The Jacksonville Jaguars didn't exactly have the start to the 2021 season they wanted, but they have a chance to reverse course at home against the Denver Broncos on Sunday.
How does the Jaguar Report staff think the Jaguars' first home game of the season unfolds? Who wins, and why? We break it all down below in the Week 2 roundtable.
1) Can the Jaguars slow down Teddy Bridgewater, or will he have a Tyrod Taylor-like game?
John Shipley: I think the Jaguars' defense looks better this week, but Teddy Bridgewater just seems like a bad matchup for them. He is a smart and consistent veteran quarterback, and he has many of the same traits to his game that Tyrod Taylor has. Bridgewater has the accuracy and toughness to beat the Jaguars from the pocket, while also the mobility and ability to extend plays to beat them when the plays break down. The Jaguars may be able to limit big plays, but it is hard for me to think they can force Bridgewater into many mistakes.
Gus Logue: I’ll see it when I believe it. Jacksonville had 25 total quarterback pressures in week 1 (second-most in the league) but brought Tyrod Taylor down just once.
Bridgewater has a similar playing style as Taylor as a smart, veteran game manager with great feel in the pocket. Non-Josh Allen defenders will need to step up or else Bridgewater could turn Jacksonville’s defense into burnt toast for the second week in a row.
Kassidy Hill: I won't believe the Jaguars can slow down a quarterback until I see them do it, so for now, I'm going to believe Bridgewater will have a Tyrod Taylor like game. Maybe even more so, since Bridgewater is a more mobile quarterback. He has great awareness, as he showed versus the New York Giants, recognizing blitzes and pressure. Combined with his elusiveness, he can nullify a lot of pressure. Combined with the fact that the Jaguars front seven showed little push versus the Texans, and Bridgewater will likely have a clean pocket and the edges to run too, where he can be dangerous.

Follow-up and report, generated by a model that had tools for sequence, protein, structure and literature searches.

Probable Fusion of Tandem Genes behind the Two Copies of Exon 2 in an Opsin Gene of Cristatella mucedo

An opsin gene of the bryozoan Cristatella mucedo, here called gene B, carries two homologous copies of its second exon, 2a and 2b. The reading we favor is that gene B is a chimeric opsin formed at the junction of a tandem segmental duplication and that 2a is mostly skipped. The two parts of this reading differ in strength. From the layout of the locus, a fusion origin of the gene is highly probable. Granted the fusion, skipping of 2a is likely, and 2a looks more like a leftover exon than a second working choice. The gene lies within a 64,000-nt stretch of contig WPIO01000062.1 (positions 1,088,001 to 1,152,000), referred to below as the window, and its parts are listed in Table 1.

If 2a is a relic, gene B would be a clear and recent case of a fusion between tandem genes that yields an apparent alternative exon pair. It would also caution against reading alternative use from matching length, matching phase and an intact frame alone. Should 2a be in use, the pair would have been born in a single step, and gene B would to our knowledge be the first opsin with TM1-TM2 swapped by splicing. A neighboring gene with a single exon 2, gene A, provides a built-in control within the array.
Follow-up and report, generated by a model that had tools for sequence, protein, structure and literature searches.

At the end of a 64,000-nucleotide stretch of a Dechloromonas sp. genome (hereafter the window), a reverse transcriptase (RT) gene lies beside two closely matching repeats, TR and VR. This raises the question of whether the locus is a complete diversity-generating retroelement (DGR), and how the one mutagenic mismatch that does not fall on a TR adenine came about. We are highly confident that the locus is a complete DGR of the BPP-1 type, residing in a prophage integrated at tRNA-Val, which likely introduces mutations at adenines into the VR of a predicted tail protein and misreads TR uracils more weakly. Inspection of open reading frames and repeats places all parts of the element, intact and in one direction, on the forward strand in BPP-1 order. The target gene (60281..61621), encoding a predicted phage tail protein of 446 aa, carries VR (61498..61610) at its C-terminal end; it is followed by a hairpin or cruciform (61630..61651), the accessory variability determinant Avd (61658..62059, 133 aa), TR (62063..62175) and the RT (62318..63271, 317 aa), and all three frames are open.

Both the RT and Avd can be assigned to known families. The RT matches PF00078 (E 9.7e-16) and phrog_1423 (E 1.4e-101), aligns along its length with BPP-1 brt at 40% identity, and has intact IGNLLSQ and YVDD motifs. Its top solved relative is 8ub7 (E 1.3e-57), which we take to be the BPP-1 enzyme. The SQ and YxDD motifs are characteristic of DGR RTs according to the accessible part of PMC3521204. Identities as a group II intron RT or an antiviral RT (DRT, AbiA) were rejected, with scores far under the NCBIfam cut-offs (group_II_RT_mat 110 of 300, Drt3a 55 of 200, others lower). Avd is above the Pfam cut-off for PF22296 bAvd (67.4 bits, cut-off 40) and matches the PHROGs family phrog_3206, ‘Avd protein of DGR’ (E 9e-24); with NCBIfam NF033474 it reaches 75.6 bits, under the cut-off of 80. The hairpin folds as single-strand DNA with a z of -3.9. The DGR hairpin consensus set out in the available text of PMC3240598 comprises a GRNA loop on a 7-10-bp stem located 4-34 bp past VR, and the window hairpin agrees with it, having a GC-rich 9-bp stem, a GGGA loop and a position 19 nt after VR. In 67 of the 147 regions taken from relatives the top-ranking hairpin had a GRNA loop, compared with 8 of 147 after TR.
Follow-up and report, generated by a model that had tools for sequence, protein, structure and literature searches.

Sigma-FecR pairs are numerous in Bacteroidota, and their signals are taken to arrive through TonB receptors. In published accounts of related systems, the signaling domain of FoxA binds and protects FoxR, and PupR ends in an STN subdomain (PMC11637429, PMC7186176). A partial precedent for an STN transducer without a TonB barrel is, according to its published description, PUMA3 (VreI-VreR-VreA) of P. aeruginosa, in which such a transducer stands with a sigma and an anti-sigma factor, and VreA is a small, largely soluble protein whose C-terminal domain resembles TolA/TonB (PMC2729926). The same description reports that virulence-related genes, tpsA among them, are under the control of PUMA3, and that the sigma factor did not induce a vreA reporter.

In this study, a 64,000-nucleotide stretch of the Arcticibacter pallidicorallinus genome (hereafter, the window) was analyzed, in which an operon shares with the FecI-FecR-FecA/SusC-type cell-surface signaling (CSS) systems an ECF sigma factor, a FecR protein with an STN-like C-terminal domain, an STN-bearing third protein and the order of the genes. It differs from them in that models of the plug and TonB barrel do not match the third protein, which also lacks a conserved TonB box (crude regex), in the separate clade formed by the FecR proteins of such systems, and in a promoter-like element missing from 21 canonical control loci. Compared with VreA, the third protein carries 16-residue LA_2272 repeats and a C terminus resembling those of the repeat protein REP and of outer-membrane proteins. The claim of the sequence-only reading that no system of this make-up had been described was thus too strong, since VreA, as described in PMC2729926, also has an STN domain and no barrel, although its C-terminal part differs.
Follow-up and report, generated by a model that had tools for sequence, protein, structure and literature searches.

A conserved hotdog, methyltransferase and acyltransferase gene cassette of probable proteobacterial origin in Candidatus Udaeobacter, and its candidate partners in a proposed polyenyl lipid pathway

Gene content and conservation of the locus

2) Can Trevor Lawrence find any success vs. Vic Fangio or will it be another rough game?
John Shipley: Just with what we know about Trevor Lawrence's style, I'm going to lean toward him having some issues with Vic Fangio's scheme and Denver's talented defense. Lawrence isn't the type of quarterback to stand down and take the small plays, with most of his NFL experience thus far being defined by his eagerness to make big plays. This same eagerness led to his three interceptions in Week 1, and the Broncos have the scheme and talent to force Lawrence into similar mistakes. Lawrence has the natural talent to create some big plays, but I also think the Broncos can make his natural aggressiveness result in negative plays.
Gus Logue: I’m typically all for Lawrence stripping off his tie and throwing on his Superman cape, but this Broncos defense is one that lives off preventing explosive passing plays. He’ll need to do a better job of getting to his checkdowns and shorter reads quicker against one of the better secondaries in the league, and Bevell and co. must do their part as well in prioritizing RPOs, screens, and routes to the flats in their game plan. But it wouldn’t surprise me to see Lawrence continuing to test what he can and can’t get away with in the NFL despite a tough matchup.
Kassidy Hill: I can't imagine Lawrence having two bad games in a row. Even though he had back-to-back losses in the preseason, it's arguable that his performance versus the New Orleans Saints showed marked improvement. Then he picked apart the Dallas Cowboys. He was able to describe, in detail, everything he did wrong versus the Texans. And his entire history indicates he knows how to take that knowledge and apply it to the next game. Will that be enough for a Jaguars win? Probably not. But I think we see a sharper Lawrence versus the Broncos, no matter what defense Fangio brings to the table.
3) Do the Jaguars finally lean on James Robinson or does he become a non factor again?
I would imagine they start off the game with a dedicated effort to get James Robinson the ball. The Jaguars failed to do so last week after a mix of a pass-heavy game script and penalties forced the Jaguars to play one-dimensionally, but the Jaguars know they can't afford to do the same thing against a Broncos defense that is begging for offenses to throw the ball. The best way to slow down Von Miller is to reduce his pass-rush snaps. To give Trevor Lawrence a chance, I think the Jaguars finally do lean on Robinson, or at least they do to start the game.